Is the plurality method fair?A voting paradoxSuppose that an election results in the following preference schedule.The majority of voters prefer A to B.The majority of voters prefer B to C.The majority of voters prefer C to A.Does this mean that voters are irrational?Who should win this election?6541stABC2ndBCA3rdCABThis is called Condorcets paradox (after Marquis de Condorcet, 1743-1794).The Condorcet CriterionA Condorcet candidate is a candidate who is preferred over every other candidate in a head-to-head comparison.The Condorcet criterion says that if there is a Condorcet candidate, then he should win the election.Does the plurality method satisfy the Condorcet criterion? Explain why this criterion is satisfied, or give an example where it fails.

86551stABBC2ndDCCA3rdCADD4thBDABCondorcet Criterion ExampleIs there a Condorcet candidate?4321st ABC2ndBCB3rdCAAA majority (5 to 4) prefer B to A.A majority (7 to 2) prefer B to C.Therefore B is a Condorcet candidate

Question: Is it possible to have TWO Condorcet candidates?Borda Count MethodThe Borda Count is a voting method named after Jean-Charles de Borda (1733-1799).

It is a point-based system. A candidate is awarded 1 point for being ranked in last place, 2 points for second to last, and so on.

The candidate with the most Borda points wins.

Which movie would have been selected if we used the Borda count?Where is the Borda Count used?Choosing the MVP in Major League Baseball

NCAA sports rankings (AP and UPI)

Heisman Trophy

Eurovision song contest

Is the Borda Count Fair?Does the Borda Count satisfy the majority criterion?

867731stABBCB2ndCCAAA3rdBACBCDoes the Borda Count satisfy the Condorcet Criterion?

55431stBACB2ndABAC3rdCCBABorda Count and MathIf there are N candidates, how many points are awarded by each ballot?

If there are N candidates and V voters, what is the minimum number of points that a winner could have?

What is the minimum number of points that ensures a win?

Is the Borda Count less fair than the plurality criterion?Insincere votingInsincere voting is when a voter does not express his true preferences on a ballot. Also known as strategic voting or tactical voting.There are two forms of insincere voting:Compromising Ranking a candidate higher in hopes of getting her elected.Burying Ranking a candidate lower in hopes of defeating her.This is very common in elections that use the plurality method. People will rarely vote for a third-party candidate even if they prefer that candidate.Gibbard-Satterthwaite theorem: All voting methods are susceptible to insincere voting, except for random methods and dictatorships.

Plurality with EliminationIf a candidate has a majority of first-place votes, then he is elected.Otherwise, the candidate with the fewest first place votes is eliminated and the election is run again.More commonly known as Instant Runoff Voting (IRV).Equivalent to Single Transferable Vote when there is only one winner.IRV is becoming more popular, and it is often used for state and local elections.St. Paul MN has recently begun using IRV to elect the mayor and city council.Unlike the plurality method, IRV accommodates multiple candidates and avoids the spoiler effect.ExamplesWho is the winner using Plurality with Elimination?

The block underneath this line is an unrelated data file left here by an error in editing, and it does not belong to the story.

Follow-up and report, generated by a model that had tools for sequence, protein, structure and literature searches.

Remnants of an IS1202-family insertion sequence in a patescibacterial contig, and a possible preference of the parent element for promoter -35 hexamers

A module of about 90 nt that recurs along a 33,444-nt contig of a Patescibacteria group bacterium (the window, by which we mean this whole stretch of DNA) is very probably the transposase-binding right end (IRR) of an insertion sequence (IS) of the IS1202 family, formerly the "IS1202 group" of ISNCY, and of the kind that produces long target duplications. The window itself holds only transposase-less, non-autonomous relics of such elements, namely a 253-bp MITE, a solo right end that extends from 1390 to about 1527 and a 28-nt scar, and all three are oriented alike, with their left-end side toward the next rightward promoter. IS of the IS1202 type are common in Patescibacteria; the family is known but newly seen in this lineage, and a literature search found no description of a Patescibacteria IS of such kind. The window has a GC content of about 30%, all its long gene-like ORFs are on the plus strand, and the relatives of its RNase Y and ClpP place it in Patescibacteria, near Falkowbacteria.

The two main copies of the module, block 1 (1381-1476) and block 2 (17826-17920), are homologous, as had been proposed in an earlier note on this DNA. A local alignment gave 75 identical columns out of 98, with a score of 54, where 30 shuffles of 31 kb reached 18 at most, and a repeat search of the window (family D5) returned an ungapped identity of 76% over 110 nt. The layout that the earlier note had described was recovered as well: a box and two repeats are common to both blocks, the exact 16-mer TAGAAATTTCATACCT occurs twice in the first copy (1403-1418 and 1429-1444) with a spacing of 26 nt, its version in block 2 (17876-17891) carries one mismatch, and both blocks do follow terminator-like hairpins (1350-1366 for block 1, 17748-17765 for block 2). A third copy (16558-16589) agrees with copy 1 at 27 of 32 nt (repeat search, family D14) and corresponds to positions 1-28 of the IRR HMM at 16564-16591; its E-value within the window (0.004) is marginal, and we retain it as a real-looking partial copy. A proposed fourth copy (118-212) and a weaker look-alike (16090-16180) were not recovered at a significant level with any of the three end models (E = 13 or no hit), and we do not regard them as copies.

867731stABBCB2ndCCAAA3rdBACBC55431stBDCB2ndAAAC3rdCBBD4th DCDAHow fair is IRV?IRV satisfies the majority criterion. (Why?)

IRV does not satisfy the Condorcet criterion. (Why not?)

2431stABC2ndBAA3rdCCBIRV is unfair in another way: It is not monotone.

The Monotonicity CriterionThe monotonicity criterion says that if A wins an election, and some ballots are changed to rank A higher (without altering the ranking of the other candidates), then A should still win the election.Becoming MORE popular shouldnt make you LOSE. Thats weird (a paradox).The plurality method satisfies the monotonicity criterion.Borda count also satisfies the monotonicity criterion.IRV does not satisfy the monotonicity criterion. Can you think of an example?

IRV is not monotone!Consider the following preference schedule.

Verify that A wins the election. But what if two voters changed their ballots from B > C > A to A > B > C?87331stABCC2ndCCAB3rdBABA852331stABACC2ndCCBAB3rdBACBAThis time, C wins!How did this happen?A won the election, but most voters preferred C to A.C was eliminated in the first round.Most voters preferred B to C.If A takes away votes from B, then B might not be able to eliminate C.Its like Survivor. The enemy of your enemy is your friend keep him alive. (For now)This cannot happen when there is a Condorcet candidate.Condorcet methods are always monotone.SummaryMajorityCondorcetMonotonePluralityYesNoYesBorda CountNoNoYesInstant RunoffYesNoNoBe sure you understand the following concepts.Preference ballots and preference schedulesTransitive preferencesVoting methods: Plurality, Borda Count, Instant RunoffFairness criteria: Majority, Condorcet, Monotonicity

Homework: Page 30: #4, 8, 12, 16, 20, 24, 28